The BMW 550i makes a surprisingly handy mobile prison cell

As a rule of thumb, the harder something is to get away with stealing, the less popular it is among thieves. That’s why both art and smartphone theft have seemed less appealing over time: it’s very hard to get rid of a priceless painting, and remote deactivation makes smartphones much less worthwhile.

Neither priceless paintings nor iPhones have the power to turn into impromptu prison cells, though, which puts them at a distinct disadvantage compared to the cars of the future. Or, in at least one case, the car of the present.

Yes, it seems that Seattle Police Department and BMW were able to use a stolen car’s connected features against its wrongful new owner. According to the SPD blog, the thief discovered that a BMW 550i was left unlocked with a spare key fob left inside. The owner had loaned the car to a friend while she was getting married, but discovered the car was missing around 5am and called the police, who were able to track the car with some help from BMW. When officers approached the vehicle, they found the suspect asleep inside.stolen_bmw_traps_thief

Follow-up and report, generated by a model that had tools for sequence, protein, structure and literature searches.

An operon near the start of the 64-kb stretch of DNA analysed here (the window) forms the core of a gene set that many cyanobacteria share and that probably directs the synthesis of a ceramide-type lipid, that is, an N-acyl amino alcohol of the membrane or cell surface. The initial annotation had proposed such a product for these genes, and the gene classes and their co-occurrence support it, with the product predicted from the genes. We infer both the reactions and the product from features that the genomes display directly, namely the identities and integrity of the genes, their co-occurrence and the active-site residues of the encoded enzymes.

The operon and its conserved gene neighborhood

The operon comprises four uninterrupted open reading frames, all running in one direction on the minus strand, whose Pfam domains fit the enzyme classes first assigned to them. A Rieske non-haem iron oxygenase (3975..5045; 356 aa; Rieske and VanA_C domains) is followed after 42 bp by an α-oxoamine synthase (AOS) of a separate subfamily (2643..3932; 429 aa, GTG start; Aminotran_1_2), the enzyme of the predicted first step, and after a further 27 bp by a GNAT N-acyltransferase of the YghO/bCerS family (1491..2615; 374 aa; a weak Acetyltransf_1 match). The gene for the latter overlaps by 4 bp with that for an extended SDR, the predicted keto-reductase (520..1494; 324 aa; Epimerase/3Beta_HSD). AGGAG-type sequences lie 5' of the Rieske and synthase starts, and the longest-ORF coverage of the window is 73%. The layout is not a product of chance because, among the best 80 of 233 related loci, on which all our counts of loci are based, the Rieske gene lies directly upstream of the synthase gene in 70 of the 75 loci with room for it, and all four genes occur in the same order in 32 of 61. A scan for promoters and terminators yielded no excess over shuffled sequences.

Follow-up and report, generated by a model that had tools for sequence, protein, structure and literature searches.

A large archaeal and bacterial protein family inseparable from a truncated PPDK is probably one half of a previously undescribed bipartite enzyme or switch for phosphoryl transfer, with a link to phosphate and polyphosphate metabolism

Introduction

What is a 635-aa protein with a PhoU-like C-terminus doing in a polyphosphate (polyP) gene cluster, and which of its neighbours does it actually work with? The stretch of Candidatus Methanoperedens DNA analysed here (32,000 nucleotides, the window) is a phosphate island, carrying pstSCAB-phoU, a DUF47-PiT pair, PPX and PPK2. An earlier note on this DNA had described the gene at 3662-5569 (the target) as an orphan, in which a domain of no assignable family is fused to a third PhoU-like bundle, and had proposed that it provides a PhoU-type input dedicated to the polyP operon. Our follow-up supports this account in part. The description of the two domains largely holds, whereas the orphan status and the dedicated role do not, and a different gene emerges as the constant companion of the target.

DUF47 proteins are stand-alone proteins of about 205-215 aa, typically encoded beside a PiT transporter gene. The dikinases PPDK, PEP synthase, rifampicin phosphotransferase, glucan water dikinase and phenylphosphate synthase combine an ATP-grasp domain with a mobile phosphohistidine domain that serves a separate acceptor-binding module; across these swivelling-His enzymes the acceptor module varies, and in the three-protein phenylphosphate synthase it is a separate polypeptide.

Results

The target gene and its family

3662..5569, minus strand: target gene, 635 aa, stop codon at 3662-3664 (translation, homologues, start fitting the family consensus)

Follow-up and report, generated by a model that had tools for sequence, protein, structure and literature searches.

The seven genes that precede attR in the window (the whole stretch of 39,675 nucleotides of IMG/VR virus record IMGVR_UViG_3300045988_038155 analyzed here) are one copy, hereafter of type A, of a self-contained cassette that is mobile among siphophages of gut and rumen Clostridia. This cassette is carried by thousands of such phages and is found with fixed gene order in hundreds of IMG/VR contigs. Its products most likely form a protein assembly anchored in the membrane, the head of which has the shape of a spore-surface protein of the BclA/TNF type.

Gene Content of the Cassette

Rather than treating Seattle to the kind of high-speed car chase the city has been deprived of since Frasier ceased filming, the cops took the easy route out and got BMW to remotely lock the car, trapping the suspect inside. The police don’t specify how exactly, but it’s almost certainly through the company’s ConnectedDrive system, which uses a SIM card to allow BMW call-centre staff to remotely lock and unlock vehicles on your behalf.

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The suspect, upon waking, tried to drive away but was stopped and arrested, where police found he was also carrying “a small amount of methamphetamine”.

So I guess there are a few lessons we can learn here:

  1. Don’t loan your car to anyone who doesn’t understand locks.
  2. Don’t steal cars that look new enough to allow remote connections.
  3. Don’t take naps in your stolen vehicles.

Images: Both Aurimas used under Creative Commons

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